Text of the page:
SEP 06, 2017 4:57 AM PDT

Go to the Beach, It's Good For Your Brain

The expression, "It's no day at the beach" is sometimes used to describe an experience that is unpleasant or difficult. In contrast, then, it can be inferred that a day at the beach is pleasant and easy. As it turns out, many scientific studies support the benefits of being near an ocean. Hurricanes and horrible traffic jams aside, getting to a beach can be good for the brain and here are a few of the many reasons why.

In 2013, an analysis of British census data showed that those who lived near coastal areas reported feeling better, both physically and mentally. While the study involved self-reporting and not objective measurements of general health and mental health, factors like employment and education were considered, and the results showed much higher levels of general well-being from coastal residents than those who were not near the ocean. Follow-up research to this study looked at the connection to coastal proximity and physical activity, finding that those on the west coast of England engaged in more physical activities and exercise, which could be part of the reason they tended to feel better. On the east coast of England, there was no connection between coastal residence and increased physical activity.

On the other side of the world, near a different ocean, the Pacific, a study conducted by researchers at Kobe University showed that people living in homes that had an ocean view showed higher positive psychological effects and lower rates of negative psychological effects than those who could not see the sea. Both men and women reported a significant effect on their general well-being from being able to look at the ocean from their homes. The group that reported the strongest influence of living within sight of the coast fell into the older age bracket of the study. The sample size was 518 study participants, but among those over the age 60, there was a statistically significant increase in feelings of peace and well being for those who lived in homes with a seaside view.

Other research points to environmental factors at the beach. While sunscreen is a must and overexposure to UV rays can be a health concern, getting enough sunshine increases the production of vitamin D, which has been shown in some studies to impact mood and lower the risk of some forms of dementia. The sand is a factor as well. Many beachgoers walk barefoot, digging their toes into the sand. Feet have more nerve endings per square centimeter than any other part of the body (anyone who has stepped barefoot on a Lego brick knows this) so walking barefoot in the sand is a way to get all the feels the beach has to offer. It also requires more muscle effort to walk or run on sand, so endorphins kick in from the exercise, boosting mood and happiness even more.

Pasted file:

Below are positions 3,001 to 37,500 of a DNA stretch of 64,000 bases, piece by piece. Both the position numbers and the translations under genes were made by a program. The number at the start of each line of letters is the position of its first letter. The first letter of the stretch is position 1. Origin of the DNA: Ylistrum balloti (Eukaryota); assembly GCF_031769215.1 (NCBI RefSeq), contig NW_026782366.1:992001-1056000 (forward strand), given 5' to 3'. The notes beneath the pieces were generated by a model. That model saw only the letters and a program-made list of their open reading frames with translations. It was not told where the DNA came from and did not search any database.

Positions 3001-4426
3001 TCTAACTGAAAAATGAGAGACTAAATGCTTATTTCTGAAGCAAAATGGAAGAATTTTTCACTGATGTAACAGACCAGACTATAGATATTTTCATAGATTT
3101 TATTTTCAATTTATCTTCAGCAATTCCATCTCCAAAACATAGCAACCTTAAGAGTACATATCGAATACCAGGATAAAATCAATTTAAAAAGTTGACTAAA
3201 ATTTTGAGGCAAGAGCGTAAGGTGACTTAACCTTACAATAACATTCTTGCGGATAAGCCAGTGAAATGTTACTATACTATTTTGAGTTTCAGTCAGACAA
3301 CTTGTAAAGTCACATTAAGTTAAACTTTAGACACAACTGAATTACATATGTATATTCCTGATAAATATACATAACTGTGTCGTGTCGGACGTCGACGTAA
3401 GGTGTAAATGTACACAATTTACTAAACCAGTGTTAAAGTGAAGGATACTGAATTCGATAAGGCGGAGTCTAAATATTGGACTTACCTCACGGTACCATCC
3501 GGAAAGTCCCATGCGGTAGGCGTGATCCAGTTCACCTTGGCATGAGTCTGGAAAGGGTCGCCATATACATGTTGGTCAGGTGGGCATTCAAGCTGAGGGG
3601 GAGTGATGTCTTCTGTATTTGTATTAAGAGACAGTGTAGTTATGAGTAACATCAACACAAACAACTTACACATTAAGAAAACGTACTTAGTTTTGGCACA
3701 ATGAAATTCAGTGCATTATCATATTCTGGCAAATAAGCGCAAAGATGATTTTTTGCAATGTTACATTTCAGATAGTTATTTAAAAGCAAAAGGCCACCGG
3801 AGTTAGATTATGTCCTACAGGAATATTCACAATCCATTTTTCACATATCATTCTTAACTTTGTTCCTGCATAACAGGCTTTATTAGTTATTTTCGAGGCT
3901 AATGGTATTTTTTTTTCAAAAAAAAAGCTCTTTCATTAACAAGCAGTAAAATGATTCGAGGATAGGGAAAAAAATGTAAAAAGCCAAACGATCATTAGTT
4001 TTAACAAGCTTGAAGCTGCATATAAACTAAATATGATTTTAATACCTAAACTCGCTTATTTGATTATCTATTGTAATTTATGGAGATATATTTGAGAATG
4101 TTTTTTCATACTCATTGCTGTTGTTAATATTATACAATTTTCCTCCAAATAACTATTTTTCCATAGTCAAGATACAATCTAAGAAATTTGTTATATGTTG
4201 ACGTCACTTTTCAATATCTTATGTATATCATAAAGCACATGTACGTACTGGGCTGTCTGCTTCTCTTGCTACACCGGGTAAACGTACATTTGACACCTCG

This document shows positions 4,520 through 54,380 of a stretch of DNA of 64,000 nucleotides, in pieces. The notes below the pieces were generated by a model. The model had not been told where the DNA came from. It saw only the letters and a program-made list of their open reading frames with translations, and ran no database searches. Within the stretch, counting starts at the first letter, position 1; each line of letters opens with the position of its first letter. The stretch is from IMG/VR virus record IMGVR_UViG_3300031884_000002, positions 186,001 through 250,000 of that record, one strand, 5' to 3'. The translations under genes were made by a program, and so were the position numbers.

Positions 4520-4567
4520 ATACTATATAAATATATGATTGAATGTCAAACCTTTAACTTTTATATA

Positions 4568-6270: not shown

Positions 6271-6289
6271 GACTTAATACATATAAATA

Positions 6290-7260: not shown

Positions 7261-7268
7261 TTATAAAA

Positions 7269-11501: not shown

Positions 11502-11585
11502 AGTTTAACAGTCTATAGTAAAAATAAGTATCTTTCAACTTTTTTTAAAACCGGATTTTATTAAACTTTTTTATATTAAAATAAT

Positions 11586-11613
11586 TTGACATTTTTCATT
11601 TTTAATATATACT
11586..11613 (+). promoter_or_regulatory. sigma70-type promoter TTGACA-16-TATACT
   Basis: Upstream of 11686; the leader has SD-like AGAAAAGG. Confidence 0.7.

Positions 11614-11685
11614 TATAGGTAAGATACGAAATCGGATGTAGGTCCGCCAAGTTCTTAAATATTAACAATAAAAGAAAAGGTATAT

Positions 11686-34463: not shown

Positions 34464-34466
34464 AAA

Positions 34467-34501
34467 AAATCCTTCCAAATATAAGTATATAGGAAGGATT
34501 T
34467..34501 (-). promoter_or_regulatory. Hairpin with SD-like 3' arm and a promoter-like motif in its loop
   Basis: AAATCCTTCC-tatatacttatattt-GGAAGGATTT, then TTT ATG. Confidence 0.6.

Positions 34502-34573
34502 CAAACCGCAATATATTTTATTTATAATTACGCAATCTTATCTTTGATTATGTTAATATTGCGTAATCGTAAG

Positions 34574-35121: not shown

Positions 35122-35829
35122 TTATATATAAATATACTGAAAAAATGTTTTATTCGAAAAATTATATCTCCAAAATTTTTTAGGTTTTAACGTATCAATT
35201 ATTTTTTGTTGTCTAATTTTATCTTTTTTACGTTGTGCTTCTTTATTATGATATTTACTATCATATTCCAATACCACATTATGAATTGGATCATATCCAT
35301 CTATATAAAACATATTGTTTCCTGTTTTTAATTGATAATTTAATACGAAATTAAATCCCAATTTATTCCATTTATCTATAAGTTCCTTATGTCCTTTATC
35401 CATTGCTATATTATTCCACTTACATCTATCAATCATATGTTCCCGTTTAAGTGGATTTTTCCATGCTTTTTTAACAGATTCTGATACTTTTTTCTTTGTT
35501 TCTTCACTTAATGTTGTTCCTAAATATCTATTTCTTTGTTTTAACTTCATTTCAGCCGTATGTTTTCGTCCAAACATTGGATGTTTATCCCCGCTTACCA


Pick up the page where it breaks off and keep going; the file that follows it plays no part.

The water is a key factor as well. Sea water contains minerals like magnesium, iodine and potassium and these ingredients have all been linked in research studies as having potential positive effects on mood and health. Swimming is great exercise too, and since it's non-impact, even those with joint issues or other mobility concerns can benefit from working out in the water.

Finally, the salty breeze. Ocean water droplets contain salt and negative ions. The oxygen atoms in salt air include an extra electron as well. Negative ion therapy has been investigated in some studies for the treatment of seasonal affective disorder (SAD) and the use of salt lamps that diffuse salt into the air in our homes is both a popular way to decorate and to de-stress. So take that trip to the beach, it's good for your brain (and your feet, and your heart and your muscles and so much else.) Check out the video for more information.

Sources: Medical Daily, Health and Place, Preventative Medicine, Journal of Alternative and Complementary Medicine, Journal of Coastal Zone Management via Kobe University, NBC 

About the Author
  • I'm a writer living in the Boston area. My interests include cancer research, cardiology and neuroscience. I want to be part of using the Internet and social media to educate professionals and patients in a collaborative environment.
You May Also Like
SEP 15, 2020
Neuroscience
Smartphone Data Can Predict Depression and Anxiety
SEP 15, 2020
Smartphone Data Can Predict Depression and Anxiety
Researchers from Dartmouth College have found that passively-collected data from smartphones is able to predict a person ...
OCT 03, 2020
Neuroscience
Crows Have Conscious Thought, Just Like Primates
OCT 03, 2020
Crows Have Conscious Thought, Just Like Primates
Researchers from the University of Tubingen in Germany have found that crows are capable of conscious thought. They say ...
OCT 12, 2020
Cannabis Sciences
Can Cannabis Relieve Symptoms of Down Syndrome?
OCT 12, 2020
Can Cannabis Relieve Symptoms of Down Syndrome?
Increasing anecdotal and academic evidence has been emerging in recent years about the plethora of health benefits behin ...
OCT 21, 2020
Cannabis Sciences
Exercise Reverses Learning Impairments from Cannabinoid Issues
OCT 21, 2020
Exercise Reverses Learning Impairments from Cannabinoid Issues
While cannabinoids usually get attention for their recreational effects, these molecules play a role in several other pr ...
OCT 29, 2020
Clinical & Molecular DX
More Frequent Trips to the Pediatrician Linked to a Future Autism Diagnosis
OCT 29, 2020
More Frequent Trips to the Pediatrician Linked to a Future Autism Diagnosis
 
OCT 25, 2020
Neuroscience
Chimps Shift to Reciprocated Friendships with Age
OCT 25, 2020
Chimps Shift to Reciprocated Friendships with Age
Image: Pixabay   Researchers studying aging male chimpanzee relationships have gathered evidence that chimps narrow ...
Loading Comments...